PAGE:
A parenting and human development buzz word for the last 30 years, self-esteem is a person’s evaluation of his or her own worth. A person with positive self-esteem has a positive attitude about his or her self. Do you like yourself? Do you accept yourself as you are, not as you imagine you could be? Can you live with being flawed even as you challenge yourself to improve or change? People with positive self-esteem would answer “yes” to these questions.
Loving Ourselves: Why does self-esteem matter?
The way we feel about ourselves is reflected in our relationships with others and how we engage the world. When we feel badly about ourselves, we tend to allow others to treat us poorly and we treat others with less respect. We also tend to feel less powerful and capable. On the flip side, when we feel we are worthy of positive relationships, we seek them out and treat others with that same positive value. We also feel more capable of taking action and being successful.
As parents, the first step in building our children’s self-esteem is modeling our own self-worth. Apply all the lessons you hope your child understands about positive self-worth to yourself. Believe that your efforts have value. Believe that you have strengths that are cool and worth attention. Model treating others with kindness and expecting others to treat you well, too. Give at least as much attention and air-time to your strengths as to the areas you hope to improve.
Being Our Child’s Positive Voice
Teddy Roosevelt is credited with saying, “comparison is the thief of joy.” It could also be said that comparison is the thief of positive self-worth and self-esteem. We all live in a modern social media shame culture where we are made to feel bad or good based on if a group we want to be a part of accepts us or not. Adolescents and pre-adolescents are especially susceptible to this comparative judgement because friendships, peers and the desire to belong characterize the teen years.
In the face of this constant stream of comparison, teens need voices that highlight the ways they are awesome – even if these strengths differ from the current in-group trends. Hopefully, there are many positive, non-judgmental voices in our teen’s lives – teachers, coaches, neighbors, friends – but as parents we are the most important positive voice for our children.
Even moments that could be labeled as “failures” are opportunities for parents to be the positive voice. Rather than harping on a perceived mistake like the missed shot during the game or a poor grade (which, believe me, your teen remembers), parents can highlight the good. “You did miss that shot but you take every opportunity to pass to your teammates and help the team shine.” For every negative comment, share (at least) five additional positive comments. Make it a habit to look for the good and verbalize it.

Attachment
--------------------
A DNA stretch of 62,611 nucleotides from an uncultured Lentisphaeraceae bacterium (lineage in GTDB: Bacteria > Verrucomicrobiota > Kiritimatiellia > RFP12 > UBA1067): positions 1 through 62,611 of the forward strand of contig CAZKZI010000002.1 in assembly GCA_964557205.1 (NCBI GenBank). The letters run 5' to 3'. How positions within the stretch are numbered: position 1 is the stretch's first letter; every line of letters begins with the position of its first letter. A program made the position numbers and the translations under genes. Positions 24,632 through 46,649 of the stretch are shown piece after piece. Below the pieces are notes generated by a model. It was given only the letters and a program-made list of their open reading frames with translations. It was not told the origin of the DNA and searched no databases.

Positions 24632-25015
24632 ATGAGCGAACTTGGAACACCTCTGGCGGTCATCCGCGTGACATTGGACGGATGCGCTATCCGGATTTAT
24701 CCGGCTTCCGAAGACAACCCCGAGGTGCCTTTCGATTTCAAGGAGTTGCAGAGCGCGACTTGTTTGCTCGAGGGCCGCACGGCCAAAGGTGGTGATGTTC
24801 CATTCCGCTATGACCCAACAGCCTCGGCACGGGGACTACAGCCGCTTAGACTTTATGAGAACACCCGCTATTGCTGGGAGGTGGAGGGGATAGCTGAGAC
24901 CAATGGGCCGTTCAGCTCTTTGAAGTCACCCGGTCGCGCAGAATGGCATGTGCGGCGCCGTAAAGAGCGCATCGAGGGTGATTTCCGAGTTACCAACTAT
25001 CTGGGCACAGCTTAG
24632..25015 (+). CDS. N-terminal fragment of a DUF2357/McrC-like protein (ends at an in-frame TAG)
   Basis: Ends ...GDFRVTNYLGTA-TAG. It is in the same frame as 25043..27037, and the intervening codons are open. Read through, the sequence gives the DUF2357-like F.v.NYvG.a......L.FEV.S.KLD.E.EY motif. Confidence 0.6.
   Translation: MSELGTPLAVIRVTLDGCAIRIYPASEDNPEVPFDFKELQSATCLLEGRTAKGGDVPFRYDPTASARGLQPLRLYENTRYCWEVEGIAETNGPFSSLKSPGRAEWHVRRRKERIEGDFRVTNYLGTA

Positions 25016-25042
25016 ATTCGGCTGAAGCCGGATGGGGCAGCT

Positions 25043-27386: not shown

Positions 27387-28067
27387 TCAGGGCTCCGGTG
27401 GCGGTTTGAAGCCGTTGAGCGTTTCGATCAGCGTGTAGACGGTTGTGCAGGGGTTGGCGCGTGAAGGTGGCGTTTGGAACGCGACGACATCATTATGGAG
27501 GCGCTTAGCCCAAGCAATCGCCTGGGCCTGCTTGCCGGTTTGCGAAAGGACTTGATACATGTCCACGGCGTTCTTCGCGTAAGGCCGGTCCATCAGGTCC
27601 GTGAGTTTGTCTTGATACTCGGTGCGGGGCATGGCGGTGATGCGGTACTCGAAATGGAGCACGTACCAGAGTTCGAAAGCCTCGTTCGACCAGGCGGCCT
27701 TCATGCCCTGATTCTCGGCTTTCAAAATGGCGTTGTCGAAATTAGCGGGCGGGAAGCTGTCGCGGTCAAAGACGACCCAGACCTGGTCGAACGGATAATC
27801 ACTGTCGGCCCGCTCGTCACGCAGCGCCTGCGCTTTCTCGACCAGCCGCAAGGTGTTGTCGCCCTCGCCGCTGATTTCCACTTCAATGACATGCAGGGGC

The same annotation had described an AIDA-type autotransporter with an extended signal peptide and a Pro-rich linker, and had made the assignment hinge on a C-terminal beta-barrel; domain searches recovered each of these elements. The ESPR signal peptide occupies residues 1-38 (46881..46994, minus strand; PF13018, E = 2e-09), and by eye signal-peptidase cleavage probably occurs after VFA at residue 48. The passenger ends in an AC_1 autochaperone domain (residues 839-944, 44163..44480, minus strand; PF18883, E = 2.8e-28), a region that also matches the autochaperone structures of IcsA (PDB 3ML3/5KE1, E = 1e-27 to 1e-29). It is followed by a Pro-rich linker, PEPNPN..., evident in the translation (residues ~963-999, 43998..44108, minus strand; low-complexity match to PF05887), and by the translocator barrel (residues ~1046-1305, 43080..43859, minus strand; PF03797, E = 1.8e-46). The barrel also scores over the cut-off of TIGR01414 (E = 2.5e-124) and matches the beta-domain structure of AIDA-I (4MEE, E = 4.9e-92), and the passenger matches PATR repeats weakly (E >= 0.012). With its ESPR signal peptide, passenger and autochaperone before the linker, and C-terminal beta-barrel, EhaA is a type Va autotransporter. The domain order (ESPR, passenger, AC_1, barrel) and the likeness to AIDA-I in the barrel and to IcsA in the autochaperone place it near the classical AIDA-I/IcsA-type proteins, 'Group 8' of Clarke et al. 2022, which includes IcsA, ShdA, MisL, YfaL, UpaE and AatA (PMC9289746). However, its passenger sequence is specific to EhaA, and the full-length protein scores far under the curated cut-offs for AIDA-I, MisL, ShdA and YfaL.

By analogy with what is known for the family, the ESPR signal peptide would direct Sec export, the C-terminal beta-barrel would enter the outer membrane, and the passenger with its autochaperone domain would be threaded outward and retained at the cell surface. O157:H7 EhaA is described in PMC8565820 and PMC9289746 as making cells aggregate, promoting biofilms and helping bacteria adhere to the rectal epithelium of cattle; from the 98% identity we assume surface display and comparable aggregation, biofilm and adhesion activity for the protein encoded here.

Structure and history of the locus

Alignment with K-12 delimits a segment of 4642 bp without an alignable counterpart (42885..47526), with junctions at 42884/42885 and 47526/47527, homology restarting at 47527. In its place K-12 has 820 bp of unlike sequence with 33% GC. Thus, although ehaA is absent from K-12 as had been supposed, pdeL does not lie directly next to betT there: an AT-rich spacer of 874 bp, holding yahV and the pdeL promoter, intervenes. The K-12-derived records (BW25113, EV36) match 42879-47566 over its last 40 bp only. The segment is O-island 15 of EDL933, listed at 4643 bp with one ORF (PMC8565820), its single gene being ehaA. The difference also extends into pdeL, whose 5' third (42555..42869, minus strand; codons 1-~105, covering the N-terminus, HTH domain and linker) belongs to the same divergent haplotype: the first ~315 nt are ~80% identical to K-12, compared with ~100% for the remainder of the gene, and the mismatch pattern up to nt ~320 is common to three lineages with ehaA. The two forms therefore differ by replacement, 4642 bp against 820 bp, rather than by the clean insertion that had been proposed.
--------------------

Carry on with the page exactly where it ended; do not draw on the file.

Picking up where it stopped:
As you model verbalizing your child’s strengths, she will start to internalize that language, grow in her ability to maintain her own self-positive voice, and even be more likely to comment on others’ strengths. Growing up my dad would repeat a version of Saturday Night Live character Stuart Smalley’s mantra when we had a stressful day or upcoming event. He’d say, “It helps to remember three things: I’m smart, I’m good-looking, and gosh-darn-it people like me. Even if you are nervous or feel like a failure or think no one is going to like you, repeat that to yourself because it is true.” Can you guess what phrase my brothers and I (all in our 30s) still repeat to ourselves? (I’m smart, I’m good-looking, and gosh-darn-it people like me.)
Self-worth builds from our earliest years. By repeating an affirming phrase about our self-worth, we practice a mindset that fosters positive self-esteem.
Article by Anne Clarkson
Anne Clarkson received her doctorate in Human Development and Family Studies from UW-Madison and is currently the Digital Parenting Education Specialist with UW-Extension Family Living Programs. Over the past 10 years, she has worked as an educator in the fields of community health, parenting, family studies, and digital education. She and her husband are excited to be starting their own parenting journey this summer. Anne was a pretty easy teenager whose parents worried more about pushing her to try new experiences than about her rebellious behavior. When not talking about families and technology, Anne loves to cook, read, travel, play board games, and take long walks (ideally along beaches but typically along sidewalks).